Taiwan universities in four programmes of style and surprises

Metropolitan Hall, Taipei
Hwa Gang Dance Company (Chinese Culture University): April 10, 2018
National Taiwan University of the Arts: April 13, 2018
National Taiwan University of Sport: April 20, 2018
Taipei University: April 22, 2018

David Mead

April at Taipei’s Metropolitan Hall is the month for university dance department performances (in Taiwan, they are akin to conservatoires), the shows invariably a mixed programme of around ten pieces in a range of dance styles, often including the best of the year’s student choreographers alongside works by teachers.

Leading off this year was the Chinese Culture University’s Hwa Gang Dance Company (華岡藝展) in an evening titled Confluence (匯境), in which the stand out work yet again came from Su An-li (蘇安莉). Right from the opening walking section, her Silent Dialogue demands that you watch. Originally created for Capital Ballet Taipei (台北首督芭蕾舞團), it’s essentially a dance about body and rhythm and the relationships between those and the dancer. The slightly dark in mood and contemporary, well-crafted choreography, is rammed with interest and innovative structure and demands that you watch. Even the musical combination of Philip Glass and Max Richter works well.

Hwa Gang Dance Company in Wind Asking by Wu Man-liPhoto Lee Wei-bin
Hwa Gang Dance Company in Wind Asking by Wu Man-li
Photo Lee Wei-bin

The other contemporary works were equally full of energy, especially Windy* (起風了) by Yen Tsui-chen (顏翠珍). In their gorgeous icy blue costumes, there was a nice sense of the dancers being buffeted around by the wind. Musically and choreographically, it did feel a little like three separate pieces, though.

Of the two ballet pieces, I thoroughly enjoyed Wu Man-li’s (伍曼麗) Wind Asking* (風問), a well-constructed ballet full of interesting and pleasing patterns. It’s truly non-stop, dancers constantly coming and going. Yet, it never feels rushed. There was some especially impressive work and excellent partnering from the three men. The other ballet piece, Wei Pei-lin’s (魏沛霖) Like this* (如斯) could almost have been called ‘Like Serenade’, so many references to the Balanchine classic does it include (I think inserting a chunk of the iconic opening in the way Wei did was a step too far, though). What it didn’t have was Mr B’s clarity and sharpness. The first section especially rather stutters along, the dance having a lot of the sort of posing one sees in old sepia photographs, although the second half is better.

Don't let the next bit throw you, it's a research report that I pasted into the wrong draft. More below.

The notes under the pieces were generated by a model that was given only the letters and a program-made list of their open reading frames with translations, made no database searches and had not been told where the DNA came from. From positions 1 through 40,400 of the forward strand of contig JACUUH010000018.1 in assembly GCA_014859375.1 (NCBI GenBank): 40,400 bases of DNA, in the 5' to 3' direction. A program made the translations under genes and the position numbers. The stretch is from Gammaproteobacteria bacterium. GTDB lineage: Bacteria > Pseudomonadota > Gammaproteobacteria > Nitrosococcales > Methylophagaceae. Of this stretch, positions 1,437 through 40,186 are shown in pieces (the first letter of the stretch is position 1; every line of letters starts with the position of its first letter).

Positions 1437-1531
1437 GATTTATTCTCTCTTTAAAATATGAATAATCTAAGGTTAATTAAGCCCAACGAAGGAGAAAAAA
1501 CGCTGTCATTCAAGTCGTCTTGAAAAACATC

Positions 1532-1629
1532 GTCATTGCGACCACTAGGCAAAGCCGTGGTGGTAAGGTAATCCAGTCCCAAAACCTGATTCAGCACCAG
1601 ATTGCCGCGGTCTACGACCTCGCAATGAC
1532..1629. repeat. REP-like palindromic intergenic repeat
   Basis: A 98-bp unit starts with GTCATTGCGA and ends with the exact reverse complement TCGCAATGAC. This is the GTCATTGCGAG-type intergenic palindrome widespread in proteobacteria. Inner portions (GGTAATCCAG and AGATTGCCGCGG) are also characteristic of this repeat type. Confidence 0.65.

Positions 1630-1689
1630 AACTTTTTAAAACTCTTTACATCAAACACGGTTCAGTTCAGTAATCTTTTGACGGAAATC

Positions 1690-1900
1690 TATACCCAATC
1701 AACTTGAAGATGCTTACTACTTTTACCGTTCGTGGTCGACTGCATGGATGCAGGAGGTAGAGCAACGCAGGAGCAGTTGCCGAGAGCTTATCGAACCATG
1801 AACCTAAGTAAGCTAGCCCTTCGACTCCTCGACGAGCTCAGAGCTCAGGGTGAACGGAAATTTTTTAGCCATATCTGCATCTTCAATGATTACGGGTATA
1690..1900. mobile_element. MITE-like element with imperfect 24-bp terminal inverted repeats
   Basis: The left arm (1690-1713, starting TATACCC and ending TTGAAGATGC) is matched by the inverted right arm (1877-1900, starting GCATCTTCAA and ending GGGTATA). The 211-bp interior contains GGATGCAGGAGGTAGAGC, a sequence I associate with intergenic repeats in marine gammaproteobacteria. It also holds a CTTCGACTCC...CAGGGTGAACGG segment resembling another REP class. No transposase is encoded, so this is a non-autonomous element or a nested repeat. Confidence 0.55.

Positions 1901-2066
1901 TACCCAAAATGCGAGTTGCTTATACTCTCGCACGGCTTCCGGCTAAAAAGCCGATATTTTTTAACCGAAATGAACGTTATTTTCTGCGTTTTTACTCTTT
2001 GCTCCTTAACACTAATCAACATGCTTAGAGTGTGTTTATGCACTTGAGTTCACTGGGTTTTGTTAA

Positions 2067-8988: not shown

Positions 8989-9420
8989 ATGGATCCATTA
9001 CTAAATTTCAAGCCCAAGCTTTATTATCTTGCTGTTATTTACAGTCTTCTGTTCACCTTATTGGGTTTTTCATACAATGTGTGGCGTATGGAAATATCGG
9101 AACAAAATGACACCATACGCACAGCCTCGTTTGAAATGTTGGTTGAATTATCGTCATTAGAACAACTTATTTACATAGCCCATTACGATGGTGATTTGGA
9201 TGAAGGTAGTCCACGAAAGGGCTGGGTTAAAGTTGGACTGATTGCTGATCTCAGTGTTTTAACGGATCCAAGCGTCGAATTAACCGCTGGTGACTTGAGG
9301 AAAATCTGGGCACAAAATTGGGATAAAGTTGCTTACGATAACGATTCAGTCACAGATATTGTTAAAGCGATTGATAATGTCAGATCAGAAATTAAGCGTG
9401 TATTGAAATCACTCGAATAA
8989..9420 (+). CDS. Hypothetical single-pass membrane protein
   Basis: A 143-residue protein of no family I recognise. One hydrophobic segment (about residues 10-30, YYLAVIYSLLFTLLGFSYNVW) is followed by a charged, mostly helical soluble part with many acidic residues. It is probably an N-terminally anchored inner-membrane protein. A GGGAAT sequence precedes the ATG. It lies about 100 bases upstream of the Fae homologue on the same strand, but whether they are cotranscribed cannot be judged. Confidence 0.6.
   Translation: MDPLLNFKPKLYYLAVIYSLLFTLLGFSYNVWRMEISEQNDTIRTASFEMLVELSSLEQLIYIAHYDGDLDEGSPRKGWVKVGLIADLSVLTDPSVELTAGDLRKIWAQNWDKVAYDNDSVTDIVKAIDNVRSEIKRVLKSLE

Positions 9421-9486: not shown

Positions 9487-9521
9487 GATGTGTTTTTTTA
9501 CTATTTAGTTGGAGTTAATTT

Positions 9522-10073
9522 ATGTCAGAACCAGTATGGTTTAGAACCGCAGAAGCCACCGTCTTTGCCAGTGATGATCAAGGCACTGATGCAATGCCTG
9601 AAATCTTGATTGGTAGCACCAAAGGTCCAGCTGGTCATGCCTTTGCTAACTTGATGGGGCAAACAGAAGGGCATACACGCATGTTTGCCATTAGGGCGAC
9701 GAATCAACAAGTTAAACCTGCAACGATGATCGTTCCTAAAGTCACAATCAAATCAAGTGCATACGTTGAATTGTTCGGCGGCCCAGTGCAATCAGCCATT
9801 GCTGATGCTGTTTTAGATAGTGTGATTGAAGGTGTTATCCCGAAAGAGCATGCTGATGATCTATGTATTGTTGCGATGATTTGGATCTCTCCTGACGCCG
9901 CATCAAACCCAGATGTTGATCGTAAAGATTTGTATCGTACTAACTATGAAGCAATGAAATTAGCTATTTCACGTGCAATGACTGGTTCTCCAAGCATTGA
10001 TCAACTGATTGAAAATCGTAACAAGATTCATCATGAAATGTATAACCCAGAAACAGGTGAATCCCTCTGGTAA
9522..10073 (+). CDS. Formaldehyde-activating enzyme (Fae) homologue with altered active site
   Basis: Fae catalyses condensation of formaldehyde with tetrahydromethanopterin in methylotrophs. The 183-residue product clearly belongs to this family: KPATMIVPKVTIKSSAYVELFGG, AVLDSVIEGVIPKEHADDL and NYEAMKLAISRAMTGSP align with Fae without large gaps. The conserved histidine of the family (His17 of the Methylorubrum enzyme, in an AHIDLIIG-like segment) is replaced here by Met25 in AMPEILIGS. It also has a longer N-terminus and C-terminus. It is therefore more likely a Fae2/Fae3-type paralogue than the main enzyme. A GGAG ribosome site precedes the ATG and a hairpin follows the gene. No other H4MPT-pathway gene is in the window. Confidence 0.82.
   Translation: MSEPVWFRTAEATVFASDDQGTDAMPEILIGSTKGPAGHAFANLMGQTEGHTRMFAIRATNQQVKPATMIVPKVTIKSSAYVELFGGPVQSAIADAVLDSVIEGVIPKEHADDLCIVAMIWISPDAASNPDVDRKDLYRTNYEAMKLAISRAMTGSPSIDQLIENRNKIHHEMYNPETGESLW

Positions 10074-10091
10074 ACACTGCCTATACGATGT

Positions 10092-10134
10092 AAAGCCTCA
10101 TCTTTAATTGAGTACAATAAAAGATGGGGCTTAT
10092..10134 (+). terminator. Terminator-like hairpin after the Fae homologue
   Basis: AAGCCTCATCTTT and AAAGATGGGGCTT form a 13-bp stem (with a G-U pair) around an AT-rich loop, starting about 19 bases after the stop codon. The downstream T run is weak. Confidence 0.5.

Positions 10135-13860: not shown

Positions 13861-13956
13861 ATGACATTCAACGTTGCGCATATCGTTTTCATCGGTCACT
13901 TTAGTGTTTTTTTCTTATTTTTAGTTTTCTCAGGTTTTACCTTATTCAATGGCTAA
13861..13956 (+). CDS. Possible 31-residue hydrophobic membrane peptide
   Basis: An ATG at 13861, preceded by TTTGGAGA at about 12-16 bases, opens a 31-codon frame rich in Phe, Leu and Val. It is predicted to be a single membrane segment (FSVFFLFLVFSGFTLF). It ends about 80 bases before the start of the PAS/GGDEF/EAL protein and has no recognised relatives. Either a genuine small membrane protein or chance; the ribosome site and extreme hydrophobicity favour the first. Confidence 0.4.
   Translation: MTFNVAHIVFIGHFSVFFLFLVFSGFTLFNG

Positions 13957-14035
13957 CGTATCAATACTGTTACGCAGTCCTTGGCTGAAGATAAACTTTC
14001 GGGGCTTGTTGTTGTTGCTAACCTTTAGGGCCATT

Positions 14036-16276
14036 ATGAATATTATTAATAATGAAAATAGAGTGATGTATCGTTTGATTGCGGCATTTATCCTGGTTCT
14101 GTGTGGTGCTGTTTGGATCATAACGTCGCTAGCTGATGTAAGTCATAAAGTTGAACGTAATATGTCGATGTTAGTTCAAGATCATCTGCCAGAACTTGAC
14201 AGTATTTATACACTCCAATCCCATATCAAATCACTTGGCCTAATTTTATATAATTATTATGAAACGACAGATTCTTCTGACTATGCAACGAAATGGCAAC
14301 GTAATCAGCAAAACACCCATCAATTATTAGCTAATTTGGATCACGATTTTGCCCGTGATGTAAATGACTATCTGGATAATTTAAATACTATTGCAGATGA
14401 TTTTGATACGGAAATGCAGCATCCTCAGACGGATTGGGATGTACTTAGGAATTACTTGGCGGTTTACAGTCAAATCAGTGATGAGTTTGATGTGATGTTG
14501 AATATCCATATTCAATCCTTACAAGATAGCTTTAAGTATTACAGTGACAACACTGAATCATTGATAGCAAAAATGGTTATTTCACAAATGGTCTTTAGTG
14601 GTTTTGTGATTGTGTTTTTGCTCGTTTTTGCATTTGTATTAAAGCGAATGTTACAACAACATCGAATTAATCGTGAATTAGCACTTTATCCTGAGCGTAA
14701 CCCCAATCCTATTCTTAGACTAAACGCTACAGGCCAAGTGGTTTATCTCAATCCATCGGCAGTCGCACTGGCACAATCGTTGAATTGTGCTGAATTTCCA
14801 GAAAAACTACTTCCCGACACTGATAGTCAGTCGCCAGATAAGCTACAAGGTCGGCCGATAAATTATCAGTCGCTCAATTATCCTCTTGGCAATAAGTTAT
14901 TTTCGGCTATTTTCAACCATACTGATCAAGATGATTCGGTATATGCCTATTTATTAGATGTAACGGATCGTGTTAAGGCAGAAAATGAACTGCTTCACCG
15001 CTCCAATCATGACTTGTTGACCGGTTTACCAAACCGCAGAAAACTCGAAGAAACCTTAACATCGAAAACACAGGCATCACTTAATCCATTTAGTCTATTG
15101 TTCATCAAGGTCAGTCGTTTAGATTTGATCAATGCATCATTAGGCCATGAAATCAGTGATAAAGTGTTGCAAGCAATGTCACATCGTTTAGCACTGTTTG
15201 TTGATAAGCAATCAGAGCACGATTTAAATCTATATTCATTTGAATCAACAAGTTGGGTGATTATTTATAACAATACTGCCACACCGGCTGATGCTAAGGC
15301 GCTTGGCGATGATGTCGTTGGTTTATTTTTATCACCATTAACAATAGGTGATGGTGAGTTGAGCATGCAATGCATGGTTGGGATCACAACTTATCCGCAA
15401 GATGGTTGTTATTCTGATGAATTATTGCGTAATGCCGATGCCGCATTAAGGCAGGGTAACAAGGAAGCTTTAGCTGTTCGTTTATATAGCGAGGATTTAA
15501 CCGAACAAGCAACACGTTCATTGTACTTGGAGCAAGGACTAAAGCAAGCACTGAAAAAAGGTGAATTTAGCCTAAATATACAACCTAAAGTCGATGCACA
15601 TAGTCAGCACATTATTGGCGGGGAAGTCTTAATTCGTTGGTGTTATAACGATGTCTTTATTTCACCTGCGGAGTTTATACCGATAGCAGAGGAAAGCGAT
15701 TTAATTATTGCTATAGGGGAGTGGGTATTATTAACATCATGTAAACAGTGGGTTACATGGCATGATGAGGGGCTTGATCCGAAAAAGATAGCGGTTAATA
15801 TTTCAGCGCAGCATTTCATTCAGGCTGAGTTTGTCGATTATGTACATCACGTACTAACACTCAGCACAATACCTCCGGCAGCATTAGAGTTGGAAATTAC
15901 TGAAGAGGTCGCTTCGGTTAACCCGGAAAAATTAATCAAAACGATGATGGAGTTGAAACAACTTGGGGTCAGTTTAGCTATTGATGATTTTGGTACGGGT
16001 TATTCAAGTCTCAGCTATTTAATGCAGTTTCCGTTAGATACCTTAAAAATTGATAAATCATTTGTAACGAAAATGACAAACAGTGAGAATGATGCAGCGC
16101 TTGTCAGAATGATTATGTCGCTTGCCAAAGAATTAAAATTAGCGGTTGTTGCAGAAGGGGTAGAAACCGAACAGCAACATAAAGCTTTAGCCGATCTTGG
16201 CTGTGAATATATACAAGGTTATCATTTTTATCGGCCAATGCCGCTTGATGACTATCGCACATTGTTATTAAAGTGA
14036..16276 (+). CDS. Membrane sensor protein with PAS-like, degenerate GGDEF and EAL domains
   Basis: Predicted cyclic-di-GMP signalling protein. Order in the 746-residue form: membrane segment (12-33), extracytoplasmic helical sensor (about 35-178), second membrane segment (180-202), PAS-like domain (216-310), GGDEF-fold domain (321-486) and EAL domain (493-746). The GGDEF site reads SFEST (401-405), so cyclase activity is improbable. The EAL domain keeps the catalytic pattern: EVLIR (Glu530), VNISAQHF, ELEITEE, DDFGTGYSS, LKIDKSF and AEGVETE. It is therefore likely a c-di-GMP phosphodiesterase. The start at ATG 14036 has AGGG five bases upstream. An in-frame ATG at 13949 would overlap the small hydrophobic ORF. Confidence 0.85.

All three Chinese dance pieces were pleasing and full of nice patterns. True and False* 虛實 by Cheng Wei-ling (鄭維怜) had the most energy but my favourite was Morning Dew* (晨曦初露) by Lu Tsui-tzu (盧翠滋), a calming piece where the white-clad dancers reminded me of early morning clouds on a summer day.

National Taiwan University of the Artsin Earth by Hsu Wei-poPhoto Chen Chang-chih
National Taiwan University of the Arts in Earth by Hsu Wei-po
Photo Chen Chang-chih

All of the Hwa Gang choreography was by teachers, but for the National Taiwan University of the Arts (國立臺灣藝術大學) Toward Hearts: The Story of Salmon (鮭魚·歸於; something got lost in translation), it was five students who took centre-stage.

Perhaps more than any other Taiwanese university, NTUA always seem to produce variety in student choreography. In an evening of largely very accomplished work, two pieces stood out, both by Hsu Wei-po (許瑋博). His Earth* (大地) gets off to a dramatic start with dancers in earthen-coloured robes leaping and flying. The choreography has a sense of ritual to it. Dramatic and exciting, it was a great start to the evening.

National Taiwan University of the Arts in Journey by Hsu Wei-poPhoto Chen Chang-chih
National Taiwan University of the Arts in Journey by Hsu Wei-po
Photo Chen Chang-chih

Even better is Hsu’s contemporary ballet, Journey* (旅行), an extremely well-structured effort with lots of pleasing dance, including a short pas de deux. Hsu also shows that increasingly rare quality among students: musicality. His two choices by Zoe Keating fitting perfectly. The ballet yells ‘birds’ from the opening cocking of the dancers’ heads (incredibly well done) to the way the cast gather and swoop, to their elegant white costumes. So evocative is one section near the end, you almost feel like you are among seabirds on a sunny beach. The only disappointment is that it wasn’t on pointe. Indeed, the choreography suggests that was the original plan, loaded as it is with bourrées. Why do they always look ineffectual and even a little silly on demi-pointe?

Hsu’s third contribution to the programme, the Chinese-dance inspired Mulan* (木蘭) is full of imposing movement and powerful elegance, and demonstrated yet again that he is a young choreographer who knows how to handle an ensemble; rare indeed.

National Taiwan University of the Arts in Journey by Hsu Wei-poPhoto Chen Chang-chih
National Taiwan University of the Arts in Journey by Hsu Wei-po
Photo Chen Chang-chih